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Workshop: ‘How to Write a Picture Book’ with Aleesah Darlison

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From time to time you will see me ‘bang on’ about the importance and value of the public library in a community.  It can be a repository for bound paper and other paraphernalia or it can be a vital hub for the community it represents, but often that depends on the community demand not just the employees of the council or body who manages the library.

Recently, I had the pleasure of attending a workshop held by The Hills Shire Library.  This library is certainly the epitome of being the hub of the community.  A number of services are available at the library such as JP, internet etc. (and a really good coffee shop) and from time to time they hold author events.  These events usually have a small fee attached to attend (and I do mean small, not quite zero dinero but close enough!) and are well worth it to gain an understanding of an author and their craft.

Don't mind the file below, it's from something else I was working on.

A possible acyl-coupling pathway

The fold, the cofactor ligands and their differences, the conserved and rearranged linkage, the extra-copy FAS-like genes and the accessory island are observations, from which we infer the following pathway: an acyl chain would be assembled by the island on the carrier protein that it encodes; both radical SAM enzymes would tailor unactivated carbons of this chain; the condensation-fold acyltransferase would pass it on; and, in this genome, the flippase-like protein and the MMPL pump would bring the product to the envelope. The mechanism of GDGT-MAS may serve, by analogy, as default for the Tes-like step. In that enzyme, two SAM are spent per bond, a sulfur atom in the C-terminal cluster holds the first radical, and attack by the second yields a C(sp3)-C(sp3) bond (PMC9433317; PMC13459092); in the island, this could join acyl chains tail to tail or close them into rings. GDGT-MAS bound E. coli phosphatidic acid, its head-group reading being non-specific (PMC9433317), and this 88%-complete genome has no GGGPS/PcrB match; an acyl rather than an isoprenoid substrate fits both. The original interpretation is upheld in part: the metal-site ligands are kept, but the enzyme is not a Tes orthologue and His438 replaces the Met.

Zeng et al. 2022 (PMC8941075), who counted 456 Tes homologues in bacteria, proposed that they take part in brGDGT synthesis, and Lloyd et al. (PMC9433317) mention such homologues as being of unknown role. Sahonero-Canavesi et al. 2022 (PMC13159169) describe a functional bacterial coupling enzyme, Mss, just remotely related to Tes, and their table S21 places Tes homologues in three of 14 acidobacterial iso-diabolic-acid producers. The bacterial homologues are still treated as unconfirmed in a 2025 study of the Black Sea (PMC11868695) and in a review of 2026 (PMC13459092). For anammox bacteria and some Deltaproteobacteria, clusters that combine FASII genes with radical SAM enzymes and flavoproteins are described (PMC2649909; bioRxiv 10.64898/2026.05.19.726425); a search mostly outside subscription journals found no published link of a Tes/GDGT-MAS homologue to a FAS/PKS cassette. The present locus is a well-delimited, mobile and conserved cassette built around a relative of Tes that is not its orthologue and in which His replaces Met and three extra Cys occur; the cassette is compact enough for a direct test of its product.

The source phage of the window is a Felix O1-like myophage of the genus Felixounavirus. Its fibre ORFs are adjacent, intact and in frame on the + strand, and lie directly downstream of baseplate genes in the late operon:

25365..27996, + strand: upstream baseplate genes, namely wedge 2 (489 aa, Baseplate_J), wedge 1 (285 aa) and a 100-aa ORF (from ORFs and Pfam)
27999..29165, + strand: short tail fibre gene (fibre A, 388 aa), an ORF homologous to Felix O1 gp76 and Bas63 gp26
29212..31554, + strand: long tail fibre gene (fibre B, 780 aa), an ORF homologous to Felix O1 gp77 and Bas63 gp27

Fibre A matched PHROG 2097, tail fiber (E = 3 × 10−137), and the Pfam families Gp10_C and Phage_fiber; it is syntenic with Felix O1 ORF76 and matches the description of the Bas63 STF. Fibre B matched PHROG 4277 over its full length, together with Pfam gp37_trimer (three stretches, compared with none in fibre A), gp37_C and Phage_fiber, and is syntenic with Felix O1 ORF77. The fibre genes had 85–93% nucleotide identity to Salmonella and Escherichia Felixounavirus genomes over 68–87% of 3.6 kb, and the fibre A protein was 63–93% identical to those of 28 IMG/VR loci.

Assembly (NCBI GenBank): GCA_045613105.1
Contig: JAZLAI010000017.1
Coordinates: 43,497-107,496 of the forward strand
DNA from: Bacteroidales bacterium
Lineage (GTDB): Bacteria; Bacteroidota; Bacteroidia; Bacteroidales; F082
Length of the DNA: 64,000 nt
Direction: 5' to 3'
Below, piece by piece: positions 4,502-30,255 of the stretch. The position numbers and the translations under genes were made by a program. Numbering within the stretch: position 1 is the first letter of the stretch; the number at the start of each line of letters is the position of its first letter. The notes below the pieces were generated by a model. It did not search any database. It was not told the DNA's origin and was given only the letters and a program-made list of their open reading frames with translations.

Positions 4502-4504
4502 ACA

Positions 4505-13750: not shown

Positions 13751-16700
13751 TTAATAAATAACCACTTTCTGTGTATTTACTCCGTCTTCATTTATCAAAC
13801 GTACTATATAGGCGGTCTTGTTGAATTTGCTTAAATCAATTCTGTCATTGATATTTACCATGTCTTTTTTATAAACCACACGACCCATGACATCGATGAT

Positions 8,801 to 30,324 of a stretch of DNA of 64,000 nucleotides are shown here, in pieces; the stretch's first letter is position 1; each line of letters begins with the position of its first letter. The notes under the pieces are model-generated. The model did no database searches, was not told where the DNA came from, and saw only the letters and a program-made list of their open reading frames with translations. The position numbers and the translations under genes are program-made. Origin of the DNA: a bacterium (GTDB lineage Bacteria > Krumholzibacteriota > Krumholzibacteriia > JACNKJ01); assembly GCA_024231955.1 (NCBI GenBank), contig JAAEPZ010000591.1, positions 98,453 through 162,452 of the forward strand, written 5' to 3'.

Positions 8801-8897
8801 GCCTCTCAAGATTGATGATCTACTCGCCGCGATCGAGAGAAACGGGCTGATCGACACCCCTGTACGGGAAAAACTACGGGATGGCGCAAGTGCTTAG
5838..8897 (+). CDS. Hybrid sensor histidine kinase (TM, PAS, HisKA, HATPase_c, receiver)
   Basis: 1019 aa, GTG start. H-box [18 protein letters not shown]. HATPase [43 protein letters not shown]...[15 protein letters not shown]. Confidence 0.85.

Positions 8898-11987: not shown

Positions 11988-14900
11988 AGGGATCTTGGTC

A Feast of Speakers’ presented a number of authors; due to time the only session I could attend was a workshop about children’s picture books, ‘How to Write a Picture Book’.  This caught my eye because I had just completed a subject at university about Children’s literature……….so I thought why not, I may not actually write a children’s book but it will give me some insights into the writing process (although now it is that voice inside my head that says, go on you really have always wanted to have a go at writing a children’s book).

Aleesah Darlison, a successful Australian children’s author presented 2 hours of information and thought provoking exercises to get budding writers on the road to understanding what it takes to ‘duke it out’ to get a picture book published.